We are now 15 years into the 21st century. It’s kind of hard to fathom, especially for those who are of a certain age (i.e. not in our teens!), and, as we look back, both wistfully and nostalgically, we wonder, where did the time go?
Technology has come a long way since then. Back then tablets might have been in the pipeline – on the drawing board at least – but nobody really heard of them and smartphones, well, smartphones were still very much in their infancy.
The turn of the century was an important time for mobiles though. At the back end of the 90s more and more people were turning to these devices, which, within a few years would transform the way we communicate in so many ways.
With that in mind, we take a look back three phones from the noughties that defined the period. A mere glance at one of these models and we’re thrown back to a different age, one that saw us move to a more connected age. It’d be difficult to imagine a world without smartphones.
These days Motorola is keen to pioneer the “self-build” smartphone. Moto X, as it is known, is a simple idea – you design the kind of mobile you want, which takes into account aesthetics and hardware.
However, back in the day, it was defined by its superbly popular flip-phone – also known as a clamshell – the Razr. It was thin, colourful and, although this now sounds outdated, had the ability to fold in half. There was something fun about being able to flick open your phone to answer a call or send a text.
So popular was it in its heyday that between 2004-2008, Motorola shifted 130 million units of its Razr. However, with the advent of smartphones, it soon lost favour for an audience increasingly interested in more engaging devices.
BlackBerry used to be a giant of company, a leader when it came to smartphones, developing a successful brand identity that was, back then, very corporate, very business.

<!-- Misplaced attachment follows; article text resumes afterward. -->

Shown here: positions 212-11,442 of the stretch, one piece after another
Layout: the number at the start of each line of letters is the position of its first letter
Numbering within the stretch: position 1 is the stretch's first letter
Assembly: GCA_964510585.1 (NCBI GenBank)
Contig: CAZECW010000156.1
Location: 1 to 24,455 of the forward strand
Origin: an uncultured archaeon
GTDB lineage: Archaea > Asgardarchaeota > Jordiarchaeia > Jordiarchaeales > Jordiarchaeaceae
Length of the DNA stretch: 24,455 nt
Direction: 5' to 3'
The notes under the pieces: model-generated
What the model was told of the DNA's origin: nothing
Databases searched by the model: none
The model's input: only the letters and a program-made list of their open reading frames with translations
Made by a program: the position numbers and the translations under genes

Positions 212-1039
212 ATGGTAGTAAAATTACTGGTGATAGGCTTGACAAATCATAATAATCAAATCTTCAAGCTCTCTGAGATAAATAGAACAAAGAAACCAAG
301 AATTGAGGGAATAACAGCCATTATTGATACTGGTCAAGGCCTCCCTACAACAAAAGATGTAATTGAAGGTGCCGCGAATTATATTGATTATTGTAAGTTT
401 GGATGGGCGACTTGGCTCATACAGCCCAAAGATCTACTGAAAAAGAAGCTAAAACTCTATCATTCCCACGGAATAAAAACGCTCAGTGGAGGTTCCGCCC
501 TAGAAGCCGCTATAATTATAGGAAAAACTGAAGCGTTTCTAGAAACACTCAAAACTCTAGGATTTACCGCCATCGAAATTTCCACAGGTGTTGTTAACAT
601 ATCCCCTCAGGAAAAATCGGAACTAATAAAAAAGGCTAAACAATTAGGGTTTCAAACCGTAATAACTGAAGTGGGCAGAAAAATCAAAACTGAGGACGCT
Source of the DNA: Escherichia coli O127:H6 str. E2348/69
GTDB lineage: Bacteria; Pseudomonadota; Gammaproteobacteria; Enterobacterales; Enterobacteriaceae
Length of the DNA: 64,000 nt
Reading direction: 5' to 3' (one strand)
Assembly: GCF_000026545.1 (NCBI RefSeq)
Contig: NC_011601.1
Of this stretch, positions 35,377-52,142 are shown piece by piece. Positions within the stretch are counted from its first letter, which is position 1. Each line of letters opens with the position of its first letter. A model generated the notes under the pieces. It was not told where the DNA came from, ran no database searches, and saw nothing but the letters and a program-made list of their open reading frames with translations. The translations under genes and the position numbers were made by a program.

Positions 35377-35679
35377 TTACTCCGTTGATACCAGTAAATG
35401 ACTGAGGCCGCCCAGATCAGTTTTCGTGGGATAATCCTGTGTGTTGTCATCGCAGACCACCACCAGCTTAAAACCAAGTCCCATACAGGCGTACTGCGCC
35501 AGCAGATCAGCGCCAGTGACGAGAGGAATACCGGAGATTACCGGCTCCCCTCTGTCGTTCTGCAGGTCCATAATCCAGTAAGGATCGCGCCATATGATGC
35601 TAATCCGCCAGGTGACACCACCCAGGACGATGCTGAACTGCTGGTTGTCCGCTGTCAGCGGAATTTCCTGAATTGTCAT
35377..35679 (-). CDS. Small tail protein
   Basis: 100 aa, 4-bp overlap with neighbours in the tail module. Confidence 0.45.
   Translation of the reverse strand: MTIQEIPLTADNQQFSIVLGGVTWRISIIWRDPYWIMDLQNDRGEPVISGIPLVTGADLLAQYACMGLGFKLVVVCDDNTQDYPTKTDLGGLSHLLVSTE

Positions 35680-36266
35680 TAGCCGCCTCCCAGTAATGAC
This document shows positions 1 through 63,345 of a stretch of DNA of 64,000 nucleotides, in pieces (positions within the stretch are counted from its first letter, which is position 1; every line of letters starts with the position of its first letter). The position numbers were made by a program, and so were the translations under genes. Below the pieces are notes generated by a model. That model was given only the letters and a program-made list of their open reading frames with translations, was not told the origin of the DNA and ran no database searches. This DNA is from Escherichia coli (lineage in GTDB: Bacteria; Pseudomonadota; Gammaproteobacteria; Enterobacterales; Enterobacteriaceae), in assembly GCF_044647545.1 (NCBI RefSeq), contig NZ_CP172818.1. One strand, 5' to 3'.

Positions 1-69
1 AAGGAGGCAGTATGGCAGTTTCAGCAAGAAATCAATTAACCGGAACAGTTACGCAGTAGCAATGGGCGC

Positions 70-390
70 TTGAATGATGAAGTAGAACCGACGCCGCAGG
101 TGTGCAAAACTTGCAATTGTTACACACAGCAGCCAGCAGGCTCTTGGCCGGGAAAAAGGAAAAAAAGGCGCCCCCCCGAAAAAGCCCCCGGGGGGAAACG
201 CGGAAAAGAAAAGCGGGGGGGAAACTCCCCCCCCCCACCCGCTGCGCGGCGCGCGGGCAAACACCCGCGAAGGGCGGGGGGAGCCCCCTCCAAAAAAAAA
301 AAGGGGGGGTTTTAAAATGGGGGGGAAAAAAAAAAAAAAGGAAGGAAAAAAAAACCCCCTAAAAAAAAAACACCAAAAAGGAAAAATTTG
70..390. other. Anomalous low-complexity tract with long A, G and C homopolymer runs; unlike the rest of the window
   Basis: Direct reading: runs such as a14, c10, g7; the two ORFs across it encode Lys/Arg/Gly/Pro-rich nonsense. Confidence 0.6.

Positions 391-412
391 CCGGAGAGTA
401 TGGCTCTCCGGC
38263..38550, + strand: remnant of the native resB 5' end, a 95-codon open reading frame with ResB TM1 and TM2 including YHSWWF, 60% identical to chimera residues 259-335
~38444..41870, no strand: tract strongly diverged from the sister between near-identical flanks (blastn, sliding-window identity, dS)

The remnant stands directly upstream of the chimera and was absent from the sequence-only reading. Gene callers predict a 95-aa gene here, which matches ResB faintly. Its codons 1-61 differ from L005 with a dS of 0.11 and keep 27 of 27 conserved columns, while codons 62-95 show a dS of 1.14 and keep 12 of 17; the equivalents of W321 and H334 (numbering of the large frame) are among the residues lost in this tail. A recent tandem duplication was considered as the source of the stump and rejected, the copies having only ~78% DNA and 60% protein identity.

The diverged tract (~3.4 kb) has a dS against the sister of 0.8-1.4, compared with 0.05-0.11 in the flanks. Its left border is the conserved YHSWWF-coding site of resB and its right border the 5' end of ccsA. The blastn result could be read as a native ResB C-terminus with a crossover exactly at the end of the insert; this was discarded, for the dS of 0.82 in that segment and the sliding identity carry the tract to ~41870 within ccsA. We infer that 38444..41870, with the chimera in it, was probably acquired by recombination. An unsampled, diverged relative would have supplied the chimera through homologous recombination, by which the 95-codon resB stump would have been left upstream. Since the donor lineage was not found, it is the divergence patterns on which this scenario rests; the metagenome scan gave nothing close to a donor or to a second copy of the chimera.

The first smartphone-esque BlackBerry device was released in 1999. The RIM 850 had a QWERTY keyboard – in some ways already an iconic BlackBerry design when concerning handheld devices – could send emails, had tasks lists, a calendar and, of course, an alarm clock.
Its 4MB seems outrageously low these days but data storage, the kind we’re used to, wasn’t yet that essential. It was merely enough to be able to send text and emails on the go.
Recently, BlackBerry announced that it was launching a Classic version of its iconic smartphone, which retains all the hallmarks of its historically successful models – in particular a physical keyboard – while delivering today’s technology.
Perhaps one of the best-know, best-loved mobile phones in the history, the Nokia 3310, which would go on to spawn various versions like 3315, 3320, 3330, 3350, 3360, 3390 and 3395, was, at the time, nothing short of perfect.
It was easy to hold, designed brilliantly, simple to use and purposeful. You could make calls, send texts and play, of course, snake, a game just as addictive as Tetris on the Gameboy.
The latest version is a sight to behold. The Nokia brand, which is now part of Microsoft, is alive and well, and this model is set to play on people’s nostalgia. The design is easy to identify but a notable change is the 41 megapixel camera.